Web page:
David Bridgett

Professional Background & Education/Training

David Bridgett Dr. Bridgett received his Ph.D. in psychology with a focus in clinical child psychology from Washington State University in 2008. His dissertation, which examined predictors of trajectories of infant temperament and the role of infant temperament in the emergence of early symptoms of internalizing and externalizing problems, as well as his other research experiences while at Washington State University, were instrumental in the development of Dr. Bridgett’s current research interests in early emotion regulation. Prior to receiving his doctorate, he graduated from Stephen F. Austin State University with a M.A. in psychology (2002) and he received his B.S. in psychology from Midwestern State University in 1999.

Dr. Bridgett completed his clinical internship and postdoctoral fellowship clinical and research training at the Yale Child Study Center located within the School of Medicine at Yale University (2007-2009). While on fellowship at the Child Study Center, his clinical work encompassed the assessment, diagnosis, and treatment of children, particularly children between the ages of 6 months and 10 years. His research included examination of trajectories of emotion regulation and regulatory aspects of temperament in school aged children at high risk for difficulties due to prenatal exposure to substances and living in impoverished conditions. Dr. Bridgett joined the faculty at the Yale Child Study Center as an Adjunct Assistant Professor in July of 2009.

Dr. Bridgett joined the Department of Psychology at Northern Illinois University in August of 2009 as an Assistant Professor where he started the Emotion Regulation & Temperament Laboratory

Research Interests

Dr. Bridgett’s research interests are in the areas of emotion regulation, temperament, parent-infant/parent-child interaction, and developmental psychopathology. Within these broader areas, he is interested in:

  • Factors that predict trajectories of early emotion regulation, such as parenting
  • How parenting behaviors are influenced by parent characteristics, such as emotion regulation, effortful control, and other temperament and personality characteristics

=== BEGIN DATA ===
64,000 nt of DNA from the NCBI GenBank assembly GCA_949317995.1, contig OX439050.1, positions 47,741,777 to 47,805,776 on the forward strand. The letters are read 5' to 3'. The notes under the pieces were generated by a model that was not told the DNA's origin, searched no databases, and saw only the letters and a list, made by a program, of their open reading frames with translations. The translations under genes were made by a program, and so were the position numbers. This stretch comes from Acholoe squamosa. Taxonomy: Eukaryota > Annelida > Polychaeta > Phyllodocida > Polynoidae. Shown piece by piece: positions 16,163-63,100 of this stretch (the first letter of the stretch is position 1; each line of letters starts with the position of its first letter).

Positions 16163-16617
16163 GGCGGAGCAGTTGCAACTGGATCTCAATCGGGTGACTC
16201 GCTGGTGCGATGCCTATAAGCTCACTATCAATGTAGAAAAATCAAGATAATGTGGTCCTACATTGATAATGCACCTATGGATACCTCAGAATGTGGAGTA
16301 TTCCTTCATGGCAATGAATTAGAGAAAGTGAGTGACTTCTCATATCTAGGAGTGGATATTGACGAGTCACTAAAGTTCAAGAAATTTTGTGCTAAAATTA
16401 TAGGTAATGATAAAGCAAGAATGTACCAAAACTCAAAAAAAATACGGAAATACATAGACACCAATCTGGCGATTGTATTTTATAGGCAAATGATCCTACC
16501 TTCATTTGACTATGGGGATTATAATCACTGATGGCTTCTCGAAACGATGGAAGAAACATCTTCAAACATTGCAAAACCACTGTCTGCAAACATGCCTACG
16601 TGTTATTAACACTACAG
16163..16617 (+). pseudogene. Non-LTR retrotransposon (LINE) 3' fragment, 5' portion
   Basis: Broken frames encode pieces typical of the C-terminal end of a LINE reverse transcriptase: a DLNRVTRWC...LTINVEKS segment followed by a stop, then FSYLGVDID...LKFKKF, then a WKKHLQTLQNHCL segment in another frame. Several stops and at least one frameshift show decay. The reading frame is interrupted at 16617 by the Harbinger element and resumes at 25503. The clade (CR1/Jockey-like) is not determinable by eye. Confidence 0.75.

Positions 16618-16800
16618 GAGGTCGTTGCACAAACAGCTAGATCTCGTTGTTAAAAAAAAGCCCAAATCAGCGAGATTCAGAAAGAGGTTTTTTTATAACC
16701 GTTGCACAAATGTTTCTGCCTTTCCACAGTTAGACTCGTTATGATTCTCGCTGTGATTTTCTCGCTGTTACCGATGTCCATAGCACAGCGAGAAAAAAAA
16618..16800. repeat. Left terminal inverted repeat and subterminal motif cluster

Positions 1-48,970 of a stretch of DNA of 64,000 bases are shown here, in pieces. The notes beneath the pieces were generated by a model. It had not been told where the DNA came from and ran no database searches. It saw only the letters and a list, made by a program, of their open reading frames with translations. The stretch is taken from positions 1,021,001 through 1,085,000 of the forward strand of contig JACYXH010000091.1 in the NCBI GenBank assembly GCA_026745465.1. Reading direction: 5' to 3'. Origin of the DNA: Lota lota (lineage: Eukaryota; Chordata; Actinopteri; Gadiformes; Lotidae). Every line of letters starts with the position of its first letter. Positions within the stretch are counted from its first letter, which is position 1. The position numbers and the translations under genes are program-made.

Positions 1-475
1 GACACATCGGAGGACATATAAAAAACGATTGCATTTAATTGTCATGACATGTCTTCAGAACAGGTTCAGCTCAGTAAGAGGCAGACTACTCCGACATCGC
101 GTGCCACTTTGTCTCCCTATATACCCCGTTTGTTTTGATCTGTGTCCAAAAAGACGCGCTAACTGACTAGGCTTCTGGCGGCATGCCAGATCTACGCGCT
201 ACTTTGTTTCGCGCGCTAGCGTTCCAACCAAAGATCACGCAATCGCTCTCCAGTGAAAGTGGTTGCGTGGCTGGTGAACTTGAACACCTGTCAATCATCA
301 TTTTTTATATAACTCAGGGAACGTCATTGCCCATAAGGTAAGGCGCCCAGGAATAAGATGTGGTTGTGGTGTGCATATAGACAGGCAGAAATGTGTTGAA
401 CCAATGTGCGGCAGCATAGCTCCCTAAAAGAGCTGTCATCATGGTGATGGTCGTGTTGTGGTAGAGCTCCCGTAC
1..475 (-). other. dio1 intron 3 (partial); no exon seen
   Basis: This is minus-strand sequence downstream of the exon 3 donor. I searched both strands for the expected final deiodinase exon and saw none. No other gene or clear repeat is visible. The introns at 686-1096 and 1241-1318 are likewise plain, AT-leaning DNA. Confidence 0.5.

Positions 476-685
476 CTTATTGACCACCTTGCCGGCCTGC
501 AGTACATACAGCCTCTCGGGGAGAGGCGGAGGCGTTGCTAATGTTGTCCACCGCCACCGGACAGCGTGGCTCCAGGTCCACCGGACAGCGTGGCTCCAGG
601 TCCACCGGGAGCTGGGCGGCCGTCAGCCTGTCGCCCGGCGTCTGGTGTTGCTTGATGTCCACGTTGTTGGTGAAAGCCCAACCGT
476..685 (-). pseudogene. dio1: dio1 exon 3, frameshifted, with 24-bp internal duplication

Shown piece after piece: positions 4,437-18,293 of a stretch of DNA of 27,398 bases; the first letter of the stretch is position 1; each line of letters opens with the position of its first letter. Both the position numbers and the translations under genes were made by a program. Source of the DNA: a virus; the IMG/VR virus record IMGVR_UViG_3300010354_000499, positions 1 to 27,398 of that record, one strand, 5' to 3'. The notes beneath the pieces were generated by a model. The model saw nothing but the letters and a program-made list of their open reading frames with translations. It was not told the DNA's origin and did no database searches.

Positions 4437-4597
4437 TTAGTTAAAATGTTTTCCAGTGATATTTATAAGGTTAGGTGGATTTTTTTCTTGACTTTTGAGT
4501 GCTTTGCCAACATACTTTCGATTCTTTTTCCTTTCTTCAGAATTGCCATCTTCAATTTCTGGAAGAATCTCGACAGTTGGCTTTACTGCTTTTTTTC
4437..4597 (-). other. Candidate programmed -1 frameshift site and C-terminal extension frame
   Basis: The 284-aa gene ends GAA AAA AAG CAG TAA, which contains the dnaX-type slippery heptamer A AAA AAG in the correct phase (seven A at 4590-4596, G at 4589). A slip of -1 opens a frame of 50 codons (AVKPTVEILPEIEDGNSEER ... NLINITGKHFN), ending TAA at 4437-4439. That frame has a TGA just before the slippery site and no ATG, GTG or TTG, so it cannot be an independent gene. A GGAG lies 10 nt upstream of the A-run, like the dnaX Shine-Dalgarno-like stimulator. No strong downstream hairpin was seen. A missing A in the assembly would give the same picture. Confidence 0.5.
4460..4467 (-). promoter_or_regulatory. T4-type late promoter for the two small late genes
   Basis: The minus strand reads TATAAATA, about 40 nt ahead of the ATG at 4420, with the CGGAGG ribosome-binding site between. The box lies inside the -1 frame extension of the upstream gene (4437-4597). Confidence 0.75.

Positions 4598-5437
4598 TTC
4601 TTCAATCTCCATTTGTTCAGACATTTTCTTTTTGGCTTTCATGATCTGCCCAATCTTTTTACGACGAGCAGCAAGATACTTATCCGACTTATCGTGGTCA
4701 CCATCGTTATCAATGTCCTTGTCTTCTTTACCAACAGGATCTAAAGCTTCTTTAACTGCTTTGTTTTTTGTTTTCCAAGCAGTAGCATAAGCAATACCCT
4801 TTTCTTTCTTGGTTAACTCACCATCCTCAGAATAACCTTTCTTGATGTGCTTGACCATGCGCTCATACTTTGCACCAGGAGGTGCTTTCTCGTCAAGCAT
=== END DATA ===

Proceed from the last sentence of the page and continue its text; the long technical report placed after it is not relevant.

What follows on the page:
• Intrinsic characteristics of young children, such as negative emotionality, that influence how emotion regulation and related characteristics develop over time
  • Developmental precursors, such as rudimentary attention, that influence the emergence of effortful regulation in toddlerhood and beyond
  • How characteristics of infants and young children (e.g., emotion regulation and temperament) influence parent behavior
  • Understanding how trajectories of early emotion regulation and temperament act as risk factors for the emergence of internalizing and externalizing difficulties
  • The contributions of early temperament and emotion regulation to the emergence of social competence and related constructs in young children

Methodologically and statistically, Dr. Bridgett takes a longitudinal, individual differences approach to the specific research questions outlined above. In particular, he believes that taking into account the trajectory or course that early temperament and emotion regulation attributes are on is critical to understanding later outcomes. Given the importance of trajectories of emotion regulation and temperament that become apparent early in life, much of his research involves infants, toddlers, and preschool aged populations.

Teaching Interests

In addition to undergraduate statistics and research methods, Dr. Bridgett has also taught introductory psychology and behavioral disturbances in children. Additional teaching interests include graduate level assessment, child psychopathology, and practicum courses.

Clinical Interests

Dr. Bridgett is particularly interested in the assessment and diagnosis of a wide range of difficulties in young children (0-5 years), such as developmental delay, early disruptive behaviors, and anxiety. He takes an integrative approach to the conceptualization of cases and frequently involves parents in addressing behavioral difficulties in children. In addition to these areas of specific interest, Dr. Bridgett has extensive experience in the cognitive assessment of children and adolescents for problems such as learning disabilities, ADHD, developmental delay, and autism spectrum difficulties, and has treated children, families, adolescents, and young adults for myriad emotional/behavioral problems (e.g., depression, anxiety, PTSD, and disruptive behavior). His experience also includes collaboration with schools and educators to address the individual needs of children as well as school initiated consultations.